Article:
The world in which we’re raising our kids is very different from the one in which we grew up. Although this is true with each generation, there are two important over-and-above differences for this Gen Z population: personal technology, and the immense pressure to “be successful.” Note that in this context, societally-defined success for kids centers around grades, behavior, adult-created extra-curricular activities, pursuing a college track and college choice—all with an eye to future status and material wealth. And, because this is the societal definition, it often subconsciously becomes our parental definition. Many experts and studies have drawn a link between these changes and the escalating incidence of stress and anxiety in our Gen Z kids.

The Prevalence of Childhood Anxiety and Stress

Stressful events certainly happen at any age, including childhood, but the chronic stress that pervades youthful lives is highly concerning—for both mental well-being and physical health. A 2018 poll reported that over 45% of teenagers feel stressed “all the time.” Similarly, although occasional anxiety is a normal part of childhood, we’re talking here about anxiety disorder, where kids chronically experience nervousness, shyness, and fear, often avoiding places and activities due to their battle with the inner monster of anxiety. Anxiety disorder affects one in eight children. It’s important to note that both stress and anxiety can lead to depression.

Meanwhile, 95% of teens have access to a smartphone, and social media platforms like Snapchat and Instagram have experienced parallel explosive growth, with 70% of teenagers using social media more than once a day, and 45% saying they’re online on a near-constant basis. There are certainly benefits to personal technology devices (PTDs) and their apps, but a specter called digital stress has risen from these new technologies. We’re only just beginning to understand how PTDs and social media affect our kids. What we do know is that digital stress—which can lead to anxiety and depression— arises from technology addiction, cyberbullying and navigating over closeness in relationships that are inherent with PTD and social media use.

This new phenomenon of digital stress, added to societal and parental pressure to succeed, equals our unique and gifted Gen Z kids having a lot of heavy demands piled on their youthful plate. Among other outcomes, children experiencing anxiety and stress are at a higher risk to perform poorly in school, miss out on significant social experiences and engage in substance abuse.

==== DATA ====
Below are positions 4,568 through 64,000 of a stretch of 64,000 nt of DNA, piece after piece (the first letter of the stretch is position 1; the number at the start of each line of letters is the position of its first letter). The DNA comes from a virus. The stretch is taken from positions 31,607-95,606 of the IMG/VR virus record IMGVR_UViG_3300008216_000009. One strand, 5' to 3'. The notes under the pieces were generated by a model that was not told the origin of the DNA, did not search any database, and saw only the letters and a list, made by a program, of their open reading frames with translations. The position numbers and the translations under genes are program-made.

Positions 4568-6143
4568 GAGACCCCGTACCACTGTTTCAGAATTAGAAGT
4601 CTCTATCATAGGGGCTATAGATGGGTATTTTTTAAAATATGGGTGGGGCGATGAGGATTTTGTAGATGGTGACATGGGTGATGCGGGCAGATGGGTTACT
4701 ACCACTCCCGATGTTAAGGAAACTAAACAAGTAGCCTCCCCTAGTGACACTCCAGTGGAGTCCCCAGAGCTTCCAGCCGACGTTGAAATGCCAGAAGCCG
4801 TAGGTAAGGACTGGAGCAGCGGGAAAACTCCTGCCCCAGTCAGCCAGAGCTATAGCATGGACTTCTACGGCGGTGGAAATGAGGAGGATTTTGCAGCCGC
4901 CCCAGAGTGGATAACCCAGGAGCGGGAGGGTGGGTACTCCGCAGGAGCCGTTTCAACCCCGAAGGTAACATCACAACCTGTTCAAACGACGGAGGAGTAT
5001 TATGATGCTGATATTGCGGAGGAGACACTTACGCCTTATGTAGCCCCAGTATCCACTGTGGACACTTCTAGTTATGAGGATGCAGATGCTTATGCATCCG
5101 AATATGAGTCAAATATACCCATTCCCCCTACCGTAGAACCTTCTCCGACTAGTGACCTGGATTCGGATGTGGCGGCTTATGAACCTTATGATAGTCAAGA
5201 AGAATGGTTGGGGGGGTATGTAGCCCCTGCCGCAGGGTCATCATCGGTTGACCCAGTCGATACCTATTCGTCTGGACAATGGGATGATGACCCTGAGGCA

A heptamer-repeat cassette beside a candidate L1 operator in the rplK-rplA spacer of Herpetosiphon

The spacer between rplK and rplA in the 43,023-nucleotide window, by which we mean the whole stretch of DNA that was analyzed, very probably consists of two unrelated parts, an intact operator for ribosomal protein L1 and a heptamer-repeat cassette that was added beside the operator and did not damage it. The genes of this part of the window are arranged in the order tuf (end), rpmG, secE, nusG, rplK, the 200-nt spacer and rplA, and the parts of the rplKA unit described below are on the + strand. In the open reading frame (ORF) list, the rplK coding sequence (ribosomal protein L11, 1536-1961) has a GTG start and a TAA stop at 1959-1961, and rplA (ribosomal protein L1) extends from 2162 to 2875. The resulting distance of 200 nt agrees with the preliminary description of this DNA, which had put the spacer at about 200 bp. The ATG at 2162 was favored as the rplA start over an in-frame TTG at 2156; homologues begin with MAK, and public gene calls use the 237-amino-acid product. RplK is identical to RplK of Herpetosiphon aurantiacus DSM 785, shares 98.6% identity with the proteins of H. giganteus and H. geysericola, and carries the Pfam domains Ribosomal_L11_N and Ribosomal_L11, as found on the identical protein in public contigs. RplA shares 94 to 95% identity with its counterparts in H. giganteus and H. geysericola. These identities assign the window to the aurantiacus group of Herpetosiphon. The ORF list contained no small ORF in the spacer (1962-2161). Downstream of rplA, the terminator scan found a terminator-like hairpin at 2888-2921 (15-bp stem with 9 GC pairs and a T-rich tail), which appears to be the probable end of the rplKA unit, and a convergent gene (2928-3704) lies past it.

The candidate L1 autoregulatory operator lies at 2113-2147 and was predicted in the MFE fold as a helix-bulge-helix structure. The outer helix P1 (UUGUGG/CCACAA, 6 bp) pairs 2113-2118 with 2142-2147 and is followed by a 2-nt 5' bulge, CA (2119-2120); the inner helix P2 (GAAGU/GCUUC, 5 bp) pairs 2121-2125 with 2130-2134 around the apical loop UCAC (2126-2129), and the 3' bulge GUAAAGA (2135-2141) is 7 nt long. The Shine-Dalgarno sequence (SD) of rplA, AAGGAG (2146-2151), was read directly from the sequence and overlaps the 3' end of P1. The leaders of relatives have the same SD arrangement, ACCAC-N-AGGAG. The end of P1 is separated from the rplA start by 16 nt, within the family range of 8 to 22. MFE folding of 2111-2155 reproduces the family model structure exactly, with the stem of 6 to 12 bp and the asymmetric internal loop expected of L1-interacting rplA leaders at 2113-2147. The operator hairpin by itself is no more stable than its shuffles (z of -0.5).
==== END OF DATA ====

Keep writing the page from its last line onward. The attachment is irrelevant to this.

When our kids are struggling, it can be hard to not take it personally. The parent-child bond is deep, and we want them to be well and happy. And sometimes we feel that their anxiety or stress is a reflection of our abilities as a parent. Powerful stuff. Here are four ways to focus your energy where it will make a difference:

  1. Dig deep on your expectations. Pay special attention to the small messages and demands that you make. Do they match your values? Are you parenting according to what you think is important, or what society thinks is important?
  2. Focus on what matters. Focus on their success as a human being, instead of as an achiever. Make sure their dreams and aspirations are truly theirs.
  3. Leave judgment at the door. Judgment creates barriers in communication and serves nothing.
  4. Recruit close friends for support. A child’s struggle can add stress to family life. You need support too. Your feelings are better discussed with an adult confidante than with your child.

How Parents Can Help Their Kids

There are five key approaches you can take to help your child with stress and anxiety—with avoiding it, or with navigating it:

  1. Pay attention to your child’s feelings. Does your child seem to feel more often worried, shy or anxious than other kids their age? Are they continually talking about how overwhelmed they feel? If so, it may be time for some heart-to-heart conversations.
  2. Provide unconditional support and understanding. Be okay with not being able to immediately fix the mental health challenges for your kid. Recognize that stress and/or anxiety is their journey to traverse, and give them unconditional support and understanding.
  3. Stay calm, caring, and centered when your child expresses stress or anxiety. This can be challenging, but your calm and presence will help to keep the situation from elevating. Try to keep a normal routine, but be flexible when needed.
  4. Help them learn how to say no and create healthy boundaries. Often, we’re still learning this as adults, so make it a team effort!
  5. Help your child build confidence and resilience. Sometimes we want to take over for our stressed or anxious child, in an innate act of protection. Instead, help them grow. For a child with anxiety, search for areas where your child can show they’re good at something that they like, give them some chores that help them feel like they’re contributing to home life, and praise your child for small accomplishments, facing challenges, trying something new or demonstrating brave behavior. For your child navigating chronic stress, help them set healthy boundaries, learn to say no and manage their time, and check how your own expectations may be affecting them.

Stress and anxiety are normal intermittent experiences for kids; they are not normal as chronic companions. In today’s environment, we can re-commit every day to helping our kids become the most content and healthy version of themselves that they’re able to be.

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